“Palestine’s status as a state for ICC purposes has been refuted by numerous submissions to the ICC, including by the Obama administration’s officials and by several European and other governments, including those of Australia, Canada, the Czech Republic and Germany.”
He said this was a strike against Ms Bensouda’s decision as she prepared to leave office in June.
Germany, Austria, the Czech Republic, Australia, Brazil and Uganda rejected the court's jurisdiction ruling last month.
Mr Kittrie also saw a strong consensus in Congress among Republicans and Democrats in opposing the move.
Last May, 330 members of Congress wrote to former US secretary of state Mike Pompeo echoing concern about the consequences of court war crimes investigations “for the United States and our ally, Israel".
But new members in Congress from the progressive wing, such as Palestinian-American Rashida Tlaib, have welcomed the court's decision.
“No one is above the law," Ms Tlaib tweeted on Wednesday.
"The ICC has the authority and duty to independently and impartially investigate and deliver justice to victims of human rights violations and war crimes in Palestine and Israel."
Mr Kittrie says the Biden administration has a strong preference for negotiating solutions and will not stop challenging the court when it comes to Israel.
“The ICC benefited greatly from the invaluable co-operation which it received from the US during the Obama administration,” he said.
This included positions on Libya and the Democratic Republic of the Congo, and the US offering rewards for information leading to the arrest of others who had been indicted.
“Given the Biden administration's strong response and the strong bipartisan opposition to the ICC investigations of the US and Israel, such co-operation seems highly unlikely to resume as long as the ICC continues its investigations of the US and Israel,” Mr Kittrie said.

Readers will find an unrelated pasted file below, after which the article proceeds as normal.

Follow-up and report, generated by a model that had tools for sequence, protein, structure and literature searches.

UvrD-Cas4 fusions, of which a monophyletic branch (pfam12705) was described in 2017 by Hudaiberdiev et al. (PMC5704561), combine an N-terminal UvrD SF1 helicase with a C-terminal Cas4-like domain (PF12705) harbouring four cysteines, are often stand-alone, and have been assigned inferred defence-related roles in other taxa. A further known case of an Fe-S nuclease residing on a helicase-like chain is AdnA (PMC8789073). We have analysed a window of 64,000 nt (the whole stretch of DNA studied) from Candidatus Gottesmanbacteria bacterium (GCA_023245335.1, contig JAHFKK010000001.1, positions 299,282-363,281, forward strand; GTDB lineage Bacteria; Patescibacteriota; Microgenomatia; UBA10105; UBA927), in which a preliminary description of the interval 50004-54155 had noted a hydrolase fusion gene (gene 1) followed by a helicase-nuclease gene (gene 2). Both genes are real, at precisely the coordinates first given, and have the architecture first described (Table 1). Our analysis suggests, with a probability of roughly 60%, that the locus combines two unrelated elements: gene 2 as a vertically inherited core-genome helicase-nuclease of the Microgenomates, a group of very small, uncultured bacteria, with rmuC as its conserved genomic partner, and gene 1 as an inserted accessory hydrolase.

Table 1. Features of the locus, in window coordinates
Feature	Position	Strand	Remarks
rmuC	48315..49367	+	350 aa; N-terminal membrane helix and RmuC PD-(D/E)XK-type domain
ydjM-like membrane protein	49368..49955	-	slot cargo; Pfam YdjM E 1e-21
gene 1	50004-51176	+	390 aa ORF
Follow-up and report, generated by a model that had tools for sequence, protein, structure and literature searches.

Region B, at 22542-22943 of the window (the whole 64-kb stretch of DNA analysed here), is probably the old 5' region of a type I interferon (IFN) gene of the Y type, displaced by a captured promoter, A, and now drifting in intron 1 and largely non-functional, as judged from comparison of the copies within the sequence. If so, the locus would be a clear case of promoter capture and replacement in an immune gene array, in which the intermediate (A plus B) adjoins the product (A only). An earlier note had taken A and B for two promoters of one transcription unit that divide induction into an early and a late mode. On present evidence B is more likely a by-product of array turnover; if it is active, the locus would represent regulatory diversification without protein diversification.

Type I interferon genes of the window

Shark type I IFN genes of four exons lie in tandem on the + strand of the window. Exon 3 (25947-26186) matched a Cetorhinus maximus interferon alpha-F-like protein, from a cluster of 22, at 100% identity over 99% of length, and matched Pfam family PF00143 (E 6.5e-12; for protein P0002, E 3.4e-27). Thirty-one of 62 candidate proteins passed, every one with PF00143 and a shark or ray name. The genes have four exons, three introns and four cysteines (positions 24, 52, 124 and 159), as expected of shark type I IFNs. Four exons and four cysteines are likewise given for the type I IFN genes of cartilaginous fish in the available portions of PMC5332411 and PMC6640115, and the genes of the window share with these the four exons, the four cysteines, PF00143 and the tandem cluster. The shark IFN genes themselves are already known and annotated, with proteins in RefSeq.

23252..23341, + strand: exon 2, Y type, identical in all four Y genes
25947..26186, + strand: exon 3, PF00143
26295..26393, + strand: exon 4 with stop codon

But the Biden stance was perceived as a double standard by others, given the emphasis that the new team is putting on human rights and rule of law in other places in the Middle East.
Mr Blinken’s comments came on the same day he said the new administration would “stand firm behind our commitments to human rights, democracy, the rule of law".
Elizabeth Tsurkov, a fellow at the Newlines Institute for Strategy and Policy, said his comments show that on the issue of the Israeli occupation, "the Biden administration is adopting the traditional US approach".
Ms Tsurkov described that as "an uncomfortable mix of complicity with Israel's abuses, through annual provisions of aid to the military occupying the West Bank and blockading Gaza, and rhetoric condemning these abuses".
“At the end of the day, while the Biden administration is willing to take a more forceful approach towards its ally, Saudi Arabia, when it comes to Israel, the prevailing approach is still standing by Israel and shielding it from efforts to bring Israeli perpetrators of war crimes to justice, she said.
For now, the fate of any investigation could rest with Ms Bensouda's successor upholding the decision, dropping the case or setting different standards for the investigation before indictments are issued.